- The study aims to understand factors, risk behaviors, disease transmission, and prevalence of HIV in trans women in South Africa.
- It is going to be conducted in Cape Town, Johannesburg, and the Buffalo City, with each location having 300 respondents for a total of 900 sample size.
- Respondents would be given access to HIV testing, tuberculosis screening, and testing for sexually transmitted infections.
South Africa’s Human Sciences Research Council (HSRC) announced on Thursday the country’s first biological and behavioral survey on HIV among transgender women.
According to IOL transgender news article posted on January 4, its goal is to look into the prevalence of HIV in transgender population in South Africa.
The study is made possible through the support of the United States’ Center for Disease Control and Prevention (CDC), various South African and international academic, and civil society partners.
The President’s Emergency Plan for AIDS Relief (PEPFAR) will source the funding.
It is scheduled later this month to be conducted in Cape Town, Johannesburg, and the Buffalo City Metro in the Eastern Cape.
The locations were selected due to the presence of civil societies and organizations working closely with members of the transgender community such as the Feminist Collective in East London and the Sex Workers’ Advocacy and Education Taskforce (SWEAT).
In each site, 300 trans women would be chosen as respondents with a total of 900 sample size.
Additionally, they would be given access to HIV antibody testing, antiretroviral testing, HIV viral load to test HIV level in the body, tuberculosis screening, and tests for sexually transmitted diseases.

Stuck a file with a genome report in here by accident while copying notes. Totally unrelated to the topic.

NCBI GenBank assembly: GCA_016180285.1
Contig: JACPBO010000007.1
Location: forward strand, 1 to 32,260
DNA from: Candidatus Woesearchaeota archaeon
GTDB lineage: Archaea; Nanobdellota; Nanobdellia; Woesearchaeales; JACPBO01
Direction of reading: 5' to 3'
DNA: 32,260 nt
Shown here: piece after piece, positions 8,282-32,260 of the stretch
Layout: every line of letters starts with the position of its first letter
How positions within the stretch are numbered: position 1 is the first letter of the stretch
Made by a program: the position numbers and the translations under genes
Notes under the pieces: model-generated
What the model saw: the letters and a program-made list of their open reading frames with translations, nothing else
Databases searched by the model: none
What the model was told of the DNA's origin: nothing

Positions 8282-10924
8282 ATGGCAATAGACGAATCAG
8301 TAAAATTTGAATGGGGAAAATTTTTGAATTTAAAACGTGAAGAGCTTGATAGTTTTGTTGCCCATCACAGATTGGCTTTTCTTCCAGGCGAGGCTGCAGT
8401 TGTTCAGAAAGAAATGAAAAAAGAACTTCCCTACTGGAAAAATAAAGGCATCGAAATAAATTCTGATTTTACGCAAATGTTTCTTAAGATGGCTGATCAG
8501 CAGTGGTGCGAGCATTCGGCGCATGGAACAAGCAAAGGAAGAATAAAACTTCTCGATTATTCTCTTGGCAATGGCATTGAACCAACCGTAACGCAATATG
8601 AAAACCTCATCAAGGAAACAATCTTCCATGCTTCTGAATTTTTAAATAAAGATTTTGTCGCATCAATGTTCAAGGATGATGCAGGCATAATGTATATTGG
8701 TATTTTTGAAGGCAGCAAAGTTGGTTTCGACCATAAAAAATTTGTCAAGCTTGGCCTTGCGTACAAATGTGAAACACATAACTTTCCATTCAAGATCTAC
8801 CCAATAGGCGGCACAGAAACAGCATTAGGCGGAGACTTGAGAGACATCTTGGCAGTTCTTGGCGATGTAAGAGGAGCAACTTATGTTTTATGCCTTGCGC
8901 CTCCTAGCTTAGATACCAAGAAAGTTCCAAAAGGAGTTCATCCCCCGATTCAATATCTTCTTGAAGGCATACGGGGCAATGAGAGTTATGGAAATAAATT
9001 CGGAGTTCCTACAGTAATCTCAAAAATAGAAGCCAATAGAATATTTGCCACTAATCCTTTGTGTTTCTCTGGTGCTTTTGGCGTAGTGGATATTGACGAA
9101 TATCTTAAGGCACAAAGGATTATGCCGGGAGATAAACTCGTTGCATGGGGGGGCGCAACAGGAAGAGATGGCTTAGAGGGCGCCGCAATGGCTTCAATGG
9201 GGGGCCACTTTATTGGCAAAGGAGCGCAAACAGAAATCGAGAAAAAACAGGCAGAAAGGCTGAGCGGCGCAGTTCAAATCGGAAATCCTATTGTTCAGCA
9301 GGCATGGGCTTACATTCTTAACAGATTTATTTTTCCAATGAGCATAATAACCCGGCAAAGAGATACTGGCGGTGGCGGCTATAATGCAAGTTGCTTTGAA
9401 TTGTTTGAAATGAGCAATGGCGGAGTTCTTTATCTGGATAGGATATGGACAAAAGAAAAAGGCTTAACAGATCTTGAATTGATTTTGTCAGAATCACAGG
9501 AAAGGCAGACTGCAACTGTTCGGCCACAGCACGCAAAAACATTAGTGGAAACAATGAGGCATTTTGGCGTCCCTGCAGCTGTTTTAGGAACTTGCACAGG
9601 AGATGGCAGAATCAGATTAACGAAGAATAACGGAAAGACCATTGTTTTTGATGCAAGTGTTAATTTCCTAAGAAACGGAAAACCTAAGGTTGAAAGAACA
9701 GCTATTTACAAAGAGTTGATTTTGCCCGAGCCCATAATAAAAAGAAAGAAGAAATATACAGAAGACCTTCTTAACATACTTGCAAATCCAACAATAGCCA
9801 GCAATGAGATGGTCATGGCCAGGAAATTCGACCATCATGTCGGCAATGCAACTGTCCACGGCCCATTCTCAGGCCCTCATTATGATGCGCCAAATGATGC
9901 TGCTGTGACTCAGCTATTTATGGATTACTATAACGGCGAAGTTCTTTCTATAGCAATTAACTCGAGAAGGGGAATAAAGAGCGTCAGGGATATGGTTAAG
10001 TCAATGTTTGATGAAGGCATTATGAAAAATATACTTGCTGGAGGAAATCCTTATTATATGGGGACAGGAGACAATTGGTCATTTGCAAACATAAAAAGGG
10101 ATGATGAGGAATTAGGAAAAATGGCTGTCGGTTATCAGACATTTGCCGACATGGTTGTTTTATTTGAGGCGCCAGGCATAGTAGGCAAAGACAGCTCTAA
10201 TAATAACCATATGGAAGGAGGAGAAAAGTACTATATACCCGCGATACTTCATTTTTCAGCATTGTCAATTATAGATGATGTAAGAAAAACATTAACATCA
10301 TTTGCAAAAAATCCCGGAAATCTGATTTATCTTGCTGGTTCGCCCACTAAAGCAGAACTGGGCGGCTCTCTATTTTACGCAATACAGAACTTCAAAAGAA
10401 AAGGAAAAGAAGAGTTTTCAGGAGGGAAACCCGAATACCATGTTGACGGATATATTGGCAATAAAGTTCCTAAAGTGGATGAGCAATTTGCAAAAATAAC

Professor Crain Soudien, HSRC chief executive, said, “The data can also be used to monitor the sequential stages of HIV medical care, that is the care and treatment cascade that transgender women experience from diagnosis to achieving the goal of viral suppression, a very low level of HIV in the body.”
“Our fight against HIV will gain traction if we continue to investigate, and understand, the significant behaviours, attitudes and perceptions which can contribute towards infection, effective treatment and support. It is work such as this that gives expression to the slogan, social science which matters,” Soudien continued.
In a quote by the XINHUANET website, CDC representative Leigh Ann van der Merwe explained that the survey will give voice to transgender South Africans and will help provide deeper understanding on how the disease can be prevented.
“We see this study as contributing towards our empowerment, especially because interventions will come from our input rather than being imposed upon us,” Van der Merwe commented.
The study would attempt to determine social, structural, economic, and cultural factors associated with HIV infection in transgender women.
Furthermore, it would identify risk behaviors and practices, HIV transmission, and prevalence of HIV-positive members of transgender community.
South Africa has at least 6.2 million people who are HIV-positive, making it the country with the highest HIV/AIDS (acquired immune deficiency syndrome) prevalence in the world. It is also considered to have the highest treatment rate among all countries, with 4.2 million of its people on antiretroviral treatment.